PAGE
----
Self-Acceptance Exercise


This exercise is designed to help you challenge the belief that if you’ve failed at something, or if someone criticizes or rejects you, you are a totally hopeless failure.

To overcome your irrational thinking leading to low self-acceptance, complete the top half of the circle by filling in the appropriate spaces with pluses (+ ‘s) for the things you do well at work or school and with minuses (-‘s) for the things you don’t do so well. Then complete the bottom half of the circle by writing in things you do well and things you like about yourself, as well as things you don’t do well or don’t like about yourself.

Rest of Life

To counter the tendency to put yourself down when things aren’t going so well, ask yourself the following questions:
Does this bad situation (mistake, failure, rejection, criticism) take away my good qualities?
Does it make sense to conclude that “I am totally hopeless” because of one or more negative things that have happened?

Thoughts to Help Increase Self-Acceptance

1. I’m not a bad person when I act badly; I am a person who has acted badly.
2. I’m not a good person when I act well and accomplish things; I am a person who has acted well and accomplished things.
3. I can accept myself whether I win, lose, or draw.
4. I would better not define myself entirely by my behaviour, by others’ opinions, or by anything else under the sun.
5. I can be myself without trying to prove myself.
6. I am not a fool for acting foolishly. If I were a fool, I could never learn from my mistakes.
7. I am not an ass for acting asininely.
8. I have many faults and can work on correcting them without blaming, condemning, or damning myself for having them.
9. Correction, yes! Condemnation, no!
10. I can neither prove myself to be a good nor a bad person. The wisest thing I can do is simply to accept myself.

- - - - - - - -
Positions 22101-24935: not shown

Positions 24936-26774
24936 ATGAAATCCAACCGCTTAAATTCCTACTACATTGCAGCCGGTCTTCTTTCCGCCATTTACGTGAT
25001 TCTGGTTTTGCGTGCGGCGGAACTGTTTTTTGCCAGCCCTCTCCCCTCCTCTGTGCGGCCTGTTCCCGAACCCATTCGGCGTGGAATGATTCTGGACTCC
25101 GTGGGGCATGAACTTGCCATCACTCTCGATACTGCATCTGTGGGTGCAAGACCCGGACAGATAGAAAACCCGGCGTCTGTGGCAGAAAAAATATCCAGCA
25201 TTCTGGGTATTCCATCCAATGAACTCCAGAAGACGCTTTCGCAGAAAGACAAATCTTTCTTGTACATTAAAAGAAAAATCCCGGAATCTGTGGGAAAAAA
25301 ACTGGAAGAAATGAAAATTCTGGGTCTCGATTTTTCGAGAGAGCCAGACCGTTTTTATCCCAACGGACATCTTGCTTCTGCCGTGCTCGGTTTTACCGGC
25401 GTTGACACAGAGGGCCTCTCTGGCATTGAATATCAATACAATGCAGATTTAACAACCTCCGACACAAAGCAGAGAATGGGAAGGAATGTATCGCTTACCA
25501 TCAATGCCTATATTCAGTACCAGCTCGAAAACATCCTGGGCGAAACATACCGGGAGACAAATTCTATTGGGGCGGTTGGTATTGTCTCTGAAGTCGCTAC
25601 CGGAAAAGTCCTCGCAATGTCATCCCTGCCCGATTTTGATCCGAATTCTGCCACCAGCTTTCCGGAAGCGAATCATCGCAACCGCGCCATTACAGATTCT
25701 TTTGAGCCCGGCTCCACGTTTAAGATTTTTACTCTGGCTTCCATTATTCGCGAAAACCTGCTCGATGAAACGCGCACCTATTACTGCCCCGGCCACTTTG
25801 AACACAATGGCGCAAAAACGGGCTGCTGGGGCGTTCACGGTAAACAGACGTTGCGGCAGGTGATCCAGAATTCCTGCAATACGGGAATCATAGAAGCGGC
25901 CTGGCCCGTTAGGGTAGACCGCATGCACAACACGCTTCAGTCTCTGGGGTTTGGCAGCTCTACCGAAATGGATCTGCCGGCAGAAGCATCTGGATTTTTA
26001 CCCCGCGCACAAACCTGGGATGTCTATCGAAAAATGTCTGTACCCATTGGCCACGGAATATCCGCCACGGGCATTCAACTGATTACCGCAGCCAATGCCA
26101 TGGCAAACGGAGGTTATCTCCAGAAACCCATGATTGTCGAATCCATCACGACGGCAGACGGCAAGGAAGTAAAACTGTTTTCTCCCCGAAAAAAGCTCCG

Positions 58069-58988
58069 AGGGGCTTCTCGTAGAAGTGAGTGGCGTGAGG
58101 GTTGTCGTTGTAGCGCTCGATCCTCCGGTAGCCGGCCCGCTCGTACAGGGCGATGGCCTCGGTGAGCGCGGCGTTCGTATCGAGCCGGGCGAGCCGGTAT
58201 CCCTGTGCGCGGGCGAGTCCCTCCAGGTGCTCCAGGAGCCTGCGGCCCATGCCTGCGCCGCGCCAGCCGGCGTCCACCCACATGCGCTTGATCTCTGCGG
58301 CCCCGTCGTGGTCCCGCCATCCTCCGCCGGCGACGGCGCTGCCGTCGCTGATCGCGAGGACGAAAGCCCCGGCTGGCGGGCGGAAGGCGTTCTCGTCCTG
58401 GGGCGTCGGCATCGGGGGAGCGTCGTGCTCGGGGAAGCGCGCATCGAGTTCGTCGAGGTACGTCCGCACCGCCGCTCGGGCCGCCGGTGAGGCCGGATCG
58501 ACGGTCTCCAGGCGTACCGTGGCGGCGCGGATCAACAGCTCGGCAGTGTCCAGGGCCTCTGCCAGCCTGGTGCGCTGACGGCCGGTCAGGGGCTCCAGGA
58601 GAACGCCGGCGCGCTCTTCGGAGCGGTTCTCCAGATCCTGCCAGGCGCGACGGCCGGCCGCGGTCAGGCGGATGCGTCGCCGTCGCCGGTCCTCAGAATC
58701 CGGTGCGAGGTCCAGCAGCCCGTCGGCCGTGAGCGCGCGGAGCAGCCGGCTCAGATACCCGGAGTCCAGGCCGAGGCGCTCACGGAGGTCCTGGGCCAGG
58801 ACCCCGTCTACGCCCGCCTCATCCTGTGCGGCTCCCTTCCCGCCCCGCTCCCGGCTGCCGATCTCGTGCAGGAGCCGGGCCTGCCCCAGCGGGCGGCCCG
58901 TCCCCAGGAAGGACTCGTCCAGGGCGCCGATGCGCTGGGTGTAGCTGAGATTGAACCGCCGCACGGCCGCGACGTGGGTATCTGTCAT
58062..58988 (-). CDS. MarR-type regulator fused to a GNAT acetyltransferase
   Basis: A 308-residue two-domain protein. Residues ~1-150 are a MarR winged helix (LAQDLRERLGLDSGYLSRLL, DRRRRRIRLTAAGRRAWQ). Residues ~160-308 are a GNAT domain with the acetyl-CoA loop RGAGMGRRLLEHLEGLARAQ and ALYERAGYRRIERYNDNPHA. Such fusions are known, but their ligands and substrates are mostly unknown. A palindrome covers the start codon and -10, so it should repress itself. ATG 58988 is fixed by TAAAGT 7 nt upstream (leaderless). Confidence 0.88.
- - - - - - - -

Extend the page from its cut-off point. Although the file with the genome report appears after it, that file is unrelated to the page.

11. I am not a worm for acting wormily.
12. I cannot “prove” human worth or worthlessness; it’s better that I not try to do the impossible.
13. Accepting myself as being human is better than trying to prove myself superhuman or rating myself as subhuman.
14. I can itemize my weaknesses, disadvantages, and failures without judging or defining myself
by them.
15. Seeking self-esteem or self-worth leads to self-judgements and eventually to self-blame. Self- acceptance avoids these self-ratings.
16. I am not stupid for acting stupidly. Rather, I am a non-stupid person who sometimes produces stupid behaviour.
17. I can reprimand my behaviour without reprimanding myself.
18. I can praise my behaviour without praising myself.
19. Get after your behaviour! Don’t get after yourself.
20. I can acknowledge my mistakes and hold myself accountable for making them -but without berating myself for creating them.
21. It’s silly to favourably judge myself by how well I’m able to impress others, gain their approval, perform, or achieve.
22. It’s equally silly to unfavourably judge myself by how well I’m able to impress others, gain their approval, perform, or achieve.
23. I am not an ignoramus for acting ignorantly.
24. When I foolishly put myself down, I don’t have to put myself down for putting myself down.
25. I do not have to let my acceptance of myself be at the mercy of my circumstances.
26. I am not the plaything of others’ reviews, and can accept myself apart from others’
evaluations of me.
27. I may at times need to depend on others to do practical things for me, but I don’t have to emotionally depend on anyone in order to accept myself. Practical dependence is a fact! Emotional dependence is a fiction!
28. I am beholden to nothing or no one in order to accept myself.
29. It may be better to succeed, but success does not make me a better person.
30. It may be worse to fail, but failure does not make me a worse person.



Printer-friendly version